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Agent_24
21-02-2012, 02:00 PM
#include <iostream.h>
void main()
{
int counter;
for (counter = 20; counter <= 20; counter--)
{
cout << “Going loopy “ << counter << endl;
}
}

Why does this code work?


The code is described as:

This code loops forever because the termination condition can never be false because decrementing the
value of counter takes it further away from being greater than 20, not closer.

This would all make sense except that "<" is not greater then


Clearly I am missing something here.

Can anyone tell me what it is?

Am I in fact, Chef Brian?

Erayd
21-02-2012, 02:41 PM
Try reading the explanation again - it is, in fact, (mostly) correct.

Here's the problem in list format - does this help you understand it?
The counter starts at 20.
The loop will continue as long as the counter is less than or equal to 20.
This is the same as continuing until the counter is greater than 20.
The counter is decremented by one at the end of each loop iteration.
Because the counter is decremented each iteration, the loop will continue until the integer overflows.
The explanation fails to note that the loop will quit once the integer overflows and ends up positive again, however as this seems to be a teaching example I'm assuming that aspect has been deliberately ignored.

If you're curious about what happens in this case, consider the following test program (C):
#include <stdio.h>

int main() {
int i;
for(i = 20; i <= 20; i--);
printf("Overflow: %d\n", i);
}

Edit: The same thing in C++:
#include <iostream.h>

int main() {
int i;
for (i = 20; i <= 20; i--);
cout << "Overflow: " << i << endl;
}

Agent_24
21-02-2012, 03:47 PM
Ahh, your explanation led me to notice what I had missed: That the loop runs while the termination condition results as true, not until it is true - (as I believed it did, for some weird reason) - now it makes sense!

Didn't know the integer would end up positive upon overflowing either, thanks!

pcuser42
21-02-2012, 04:05 PM
not until it is true

If that were correct, the loop wouldn't execute at all as 20 <= 20 :)

Agent_24
21-02-2012, 04:07 PM
You are quite right! Had my brain been working (which it clearly wasn't) I would probably have noticed that as well...

mikebartnz
21-02-2012, 08:17 PM
Ahh, your explanation led me to notice what I had missed: That the loop runs while the termination condition results as true, not until it is true - (as I believed it did, for some weird reason) - now it makes sense!

Didn't know the integer would end up positive upon overflowing either, thanks!
Catches quite a few the old overflow error. Some old programs can't handle large HD's and large amounts of memory because the programmer did not use a large enough integer type. Had a case a while back where the program was saying there wasn't enough memory but taking a 512mb stick out made it happy.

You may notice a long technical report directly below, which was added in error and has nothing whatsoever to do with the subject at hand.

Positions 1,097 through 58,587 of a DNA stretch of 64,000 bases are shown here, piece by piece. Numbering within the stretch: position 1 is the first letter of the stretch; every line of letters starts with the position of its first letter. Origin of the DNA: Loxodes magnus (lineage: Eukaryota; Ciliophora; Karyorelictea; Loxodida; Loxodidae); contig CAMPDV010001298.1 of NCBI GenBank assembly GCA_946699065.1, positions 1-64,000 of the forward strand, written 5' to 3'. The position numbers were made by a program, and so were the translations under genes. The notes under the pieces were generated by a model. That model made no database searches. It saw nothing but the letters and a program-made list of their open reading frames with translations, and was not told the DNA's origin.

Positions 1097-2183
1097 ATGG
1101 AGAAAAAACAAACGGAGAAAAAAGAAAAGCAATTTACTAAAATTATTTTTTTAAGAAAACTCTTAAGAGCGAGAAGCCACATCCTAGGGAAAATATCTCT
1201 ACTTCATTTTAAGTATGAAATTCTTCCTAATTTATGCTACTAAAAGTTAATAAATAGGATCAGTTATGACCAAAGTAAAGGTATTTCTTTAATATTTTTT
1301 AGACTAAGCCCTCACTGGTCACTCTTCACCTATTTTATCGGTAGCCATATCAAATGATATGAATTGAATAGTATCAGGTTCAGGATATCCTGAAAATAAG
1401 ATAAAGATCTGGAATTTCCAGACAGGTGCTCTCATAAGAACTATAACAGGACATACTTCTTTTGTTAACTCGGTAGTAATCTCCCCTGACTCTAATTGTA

pogo
22-02-2012, 02:18 PM
The program given in the OP may appear to loop “forever”, as it will be displaying a line for each value of “counter” i.e.:
Going loopy 20
Going loopy 19
Going loopy 18
...
Going loopy 1
Going loopy 0
Going loopy -1
Going loopy -2
… and so on.
Looping continues while “counter” is less than OR EQUAL to 20;

If the program was left to continue the last line displayed would be:
Going loopy -2147483648
I.e. over 2 billion lines will have been displayed.


What is special about -2,147,483,648?
In C++ an “int” is stored as a 32 bit binary number and permits a range in values from -2,147,483,648 to +2,147,483,647.
In hexadecimal this is represented by 0x80000000. Decrementing this value by 1 gives 0x7FFFFFFF. Not only has 1 been subtracted from the value, overflow has caused the sign bit to be changed from 1 (negative) to 0 (positive).
I.e. the “int” value has changed from -2,147,483,648 to +2,147,483,647. As the result is not less than or equal to 20, then the loop terminates.

Erayd
22-02-2012, 02:38 PM
What is special about -2,147,483,648?
In C++ an “int” is stored as a 32 bit binary number and permits a range in values from -2,147,483,648 to +2,147,483,647.Actually, sizeof(int) is implementation-defined. 4 bytes (32bits) is a common value on a 32bit system, but there's nothing mandating this, and depending on the system architecture and the compiler in question it can easily be something else.

The C/C++ standard requires that an int be at least 16 bits (2 bytes), but as long as it meets that requirement it could be anything.